Browse Prior Art Database

Scheme for Inserting Markers in an Instruction Scheme without Modifying the Instructions

IP.com Disclosure Number: IPCOM000229485D
Publication Date: 2013-Jul-31
Document File: 3 page(s) / 40K

Publishing Venue

The IP.com Prior Art Database

Abstract

A scheme is described that enables signals to be inserted at arbitrary points in an instruction stream without modifying the instruction stream. These signals can be used to cause various events to occur, including causing performance measurements and adjusting system parameters.

This text was extracted from a PDF file.
This is the abbreviated version, containing approximately 44% of the total text.

Page 01 of 3

Scheme for Inserting Markers in an Instruction Scheme without Modifying the Instructions

During verification of a processor, it is often necessary to insert signals to the verification environment at certain points in the instruction stream. In response to these signals, the verification environment may input perturbations into the verification process such as causing instruction dispatch to be temporarily suspended, causing caches to be emptied, causing special monitoring hardware to be activated, or other similar effects in order to stress and/or monitor various portions of the hardware. One obvious method of inserting signals is to include special and/or modified instructions in the instruction stream that contain encoded signals. [1] Any modification of the instruction stream is undesirable, however, because it has the potential of introducing unwanted measurement effects, thereby making it impossible to duplicate situations in which problems have previously been identified. Also, if instructions are modified, there is a limit to the ways in which they may be modified, and thus there is a limit to the number of unique markers that can be introduced. The scheme described here enables an arbitrary number of markers to be inserted in the instruction stream without modifying it so that problems can be duplicated and analyzed without introducing any measurement effects.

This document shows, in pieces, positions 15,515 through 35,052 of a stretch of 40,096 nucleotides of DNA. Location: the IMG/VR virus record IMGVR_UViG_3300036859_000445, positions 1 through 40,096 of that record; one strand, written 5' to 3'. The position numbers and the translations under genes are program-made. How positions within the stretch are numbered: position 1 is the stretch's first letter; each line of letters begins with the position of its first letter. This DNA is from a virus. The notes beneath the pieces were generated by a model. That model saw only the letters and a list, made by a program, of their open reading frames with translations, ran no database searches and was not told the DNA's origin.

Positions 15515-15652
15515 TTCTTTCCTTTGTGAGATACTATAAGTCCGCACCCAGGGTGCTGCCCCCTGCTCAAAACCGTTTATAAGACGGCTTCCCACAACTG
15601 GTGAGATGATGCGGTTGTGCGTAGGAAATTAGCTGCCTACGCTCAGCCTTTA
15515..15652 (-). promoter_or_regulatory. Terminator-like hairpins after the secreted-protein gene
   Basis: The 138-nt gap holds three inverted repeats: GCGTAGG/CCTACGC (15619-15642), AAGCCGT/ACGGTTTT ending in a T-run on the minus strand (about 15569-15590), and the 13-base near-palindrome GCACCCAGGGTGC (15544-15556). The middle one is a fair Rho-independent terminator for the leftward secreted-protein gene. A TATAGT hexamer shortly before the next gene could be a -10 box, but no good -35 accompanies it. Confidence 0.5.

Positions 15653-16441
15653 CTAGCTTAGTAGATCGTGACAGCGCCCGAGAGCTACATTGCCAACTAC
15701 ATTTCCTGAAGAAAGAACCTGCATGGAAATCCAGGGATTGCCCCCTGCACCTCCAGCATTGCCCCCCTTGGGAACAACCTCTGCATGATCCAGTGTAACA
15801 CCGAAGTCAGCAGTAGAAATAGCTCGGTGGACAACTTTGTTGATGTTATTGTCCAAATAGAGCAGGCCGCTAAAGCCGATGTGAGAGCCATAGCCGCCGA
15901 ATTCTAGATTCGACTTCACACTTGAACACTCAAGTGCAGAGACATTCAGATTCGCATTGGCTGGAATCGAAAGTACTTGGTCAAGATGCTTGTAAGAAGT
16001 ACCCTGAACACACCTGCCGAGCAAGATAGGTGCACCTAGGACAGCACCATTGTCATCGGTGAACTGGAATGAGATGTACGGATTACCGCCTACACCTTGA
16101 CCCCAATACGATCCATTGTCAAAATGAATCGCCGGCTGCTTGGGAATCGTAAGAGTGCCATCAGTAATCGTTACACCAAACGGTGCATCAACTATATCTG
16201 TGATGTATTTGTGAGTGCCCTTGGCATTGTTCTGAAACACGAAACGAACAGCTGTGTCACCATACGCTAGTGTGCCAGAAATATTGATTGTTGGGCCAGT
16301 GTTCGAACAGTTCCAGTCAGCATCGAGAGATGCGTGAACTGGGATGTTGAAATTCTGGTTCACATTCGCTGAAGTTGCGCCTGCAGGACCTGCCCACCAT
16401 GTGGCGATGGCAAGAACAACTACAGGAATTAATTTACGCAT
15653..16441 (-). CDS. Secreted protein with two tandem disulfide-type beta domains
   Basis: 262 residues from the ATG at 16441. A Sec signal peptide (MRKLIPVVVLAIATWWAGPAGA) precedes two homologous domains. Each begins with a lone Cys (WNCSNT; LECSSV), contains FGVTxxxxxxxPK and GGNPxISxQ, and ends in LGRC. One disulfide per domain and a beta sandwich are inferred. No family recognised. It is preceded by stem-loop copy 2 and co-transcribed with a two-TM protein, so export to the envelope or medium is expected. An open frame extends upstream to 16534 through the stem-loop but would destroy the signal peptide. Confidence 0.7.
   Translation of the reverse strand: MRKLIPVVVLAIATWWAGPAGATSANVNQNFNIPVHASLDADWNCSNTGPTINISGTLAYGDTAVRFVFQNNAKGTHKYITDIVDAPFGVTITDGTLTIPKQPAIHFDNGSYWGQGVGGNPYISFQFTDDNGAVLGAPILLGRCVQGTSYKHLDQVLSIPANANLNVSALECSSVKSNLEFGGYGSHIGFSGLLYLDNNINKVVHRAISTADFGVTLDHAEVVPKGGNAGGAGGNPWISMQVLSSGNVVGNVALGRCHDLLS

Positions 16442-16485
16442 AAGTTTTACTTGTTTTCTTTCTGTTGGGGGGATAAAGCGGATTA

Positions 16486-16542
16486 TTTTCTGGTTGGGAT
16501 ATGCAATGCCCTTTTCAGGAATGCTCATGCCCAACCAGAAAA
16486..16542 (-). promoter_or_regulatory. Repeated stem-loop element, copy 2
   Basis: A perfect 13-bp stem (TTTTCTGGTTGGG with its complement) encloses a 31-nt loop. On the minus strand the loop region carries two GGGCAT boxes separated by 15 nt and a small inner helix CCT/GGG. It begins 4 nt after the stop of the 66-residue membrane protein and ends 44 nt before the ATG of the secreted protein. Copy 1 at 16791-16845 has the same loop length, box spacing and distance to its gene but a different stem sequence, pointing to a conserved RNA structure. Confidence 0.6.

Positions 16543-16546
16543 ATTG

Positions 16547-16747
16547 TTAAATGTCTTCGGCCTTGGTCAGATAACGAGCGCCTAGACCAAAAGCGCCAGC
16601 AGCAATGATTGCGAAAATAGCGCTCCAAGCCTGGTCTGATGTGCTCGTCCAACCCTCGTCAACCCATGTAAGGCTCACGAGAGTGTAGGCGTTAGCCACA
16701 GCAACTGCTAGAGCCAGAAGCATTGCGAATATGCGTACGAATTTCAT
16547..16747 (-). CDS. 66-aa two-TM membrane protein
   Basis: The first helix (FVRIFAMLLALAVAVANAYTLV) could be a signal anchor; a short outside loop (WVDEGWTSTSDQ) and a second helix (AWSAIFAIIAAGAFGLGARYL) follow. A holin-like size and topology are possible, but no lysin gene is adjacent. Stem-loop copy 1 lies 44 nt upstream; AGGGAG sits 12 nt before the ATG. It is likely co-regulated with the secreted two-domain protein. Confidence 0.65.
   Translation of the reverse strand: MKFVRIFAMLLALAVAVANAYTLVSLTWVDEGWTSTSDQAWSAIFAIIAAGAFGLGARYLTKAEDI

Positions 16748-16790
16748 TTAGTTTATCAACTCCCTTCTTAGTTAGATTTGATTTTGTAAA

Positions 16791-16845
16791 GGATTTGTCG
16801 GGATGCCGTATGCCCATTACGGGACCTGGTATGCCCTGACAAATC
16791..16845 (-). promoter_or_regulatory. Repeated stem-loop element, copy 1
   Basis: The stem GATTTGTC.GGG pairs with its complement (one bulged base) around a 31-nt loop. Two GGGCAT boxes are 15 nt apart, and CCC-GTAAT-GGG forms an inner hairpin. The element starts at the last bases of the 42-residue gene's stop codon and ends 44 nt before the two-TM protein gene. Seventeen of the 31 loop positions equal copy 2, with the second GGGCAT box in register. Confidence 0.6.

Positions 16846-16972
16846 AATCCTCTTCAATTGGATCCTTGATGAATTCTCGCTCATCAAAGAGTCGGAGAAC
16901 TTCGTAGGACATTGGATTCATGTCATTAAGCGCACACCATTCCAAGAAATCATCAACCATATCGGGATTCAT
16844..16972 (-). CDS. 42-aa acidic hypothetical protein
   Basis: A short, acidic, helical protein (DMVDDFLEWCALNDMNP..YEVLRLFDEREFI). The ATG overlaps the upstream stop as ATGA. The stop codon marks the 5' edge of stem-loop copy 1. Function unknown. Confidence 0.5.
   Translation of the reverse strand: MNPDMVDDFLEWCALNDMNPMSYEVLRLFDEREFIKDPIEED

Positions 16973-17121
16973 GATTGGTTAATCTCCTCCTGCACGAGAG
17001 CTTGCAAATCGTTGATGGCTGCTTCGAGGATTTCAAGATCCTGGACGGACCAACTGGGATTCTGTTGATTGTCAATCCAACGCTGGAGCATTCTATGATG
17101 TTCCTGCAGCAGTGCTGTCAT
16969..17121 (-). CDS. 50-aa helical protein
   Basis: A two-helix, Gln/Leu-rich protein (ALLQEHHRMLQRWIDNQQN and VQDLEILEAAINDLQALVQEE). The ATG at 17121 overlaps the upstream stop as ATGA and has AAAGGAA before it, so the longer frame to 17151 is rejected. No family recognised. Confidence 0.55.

The core idea of this scheme is to use the value of a calling context signature, or "call signature" as a marker. (See [2] for a description of a calling context signatures.) Such a call signature is continuously maintained as the program executes in a "Call Signature Register" (CSR). This register is continually updated whenever a "call" instruction or "return" instruction is executed, where "call" and "return" instructions are branch instructions with operand values that identify them as either calling a subroutine or returning from one. The CSR is updated on each call and return instruction by applying a function, referred to as the "update function," to the current value of the CSR. The update function for return instructions is the inverse of the update function for call instructions, so that after a returning from a subroutine call, the CSR contains the same value as it contained immediately prior to the call instruction.

The scheme makes use of the fact that the value of the CSR at any point in a program depends its initial value. Therefore, by initializing the CSR to a known value, the value at any subsequent

point in the program is predictable and thus can be used as a marker. In order to insert a specific type of marker at any given instruction, the call signature register is initialized to a value that will cause the subsequent value to be equal to the desired marker value when the instruction to be marked is executed. In order to detect the marker, therefore, the simulation environment monitors the state of the CSR. In some situations it may also need t...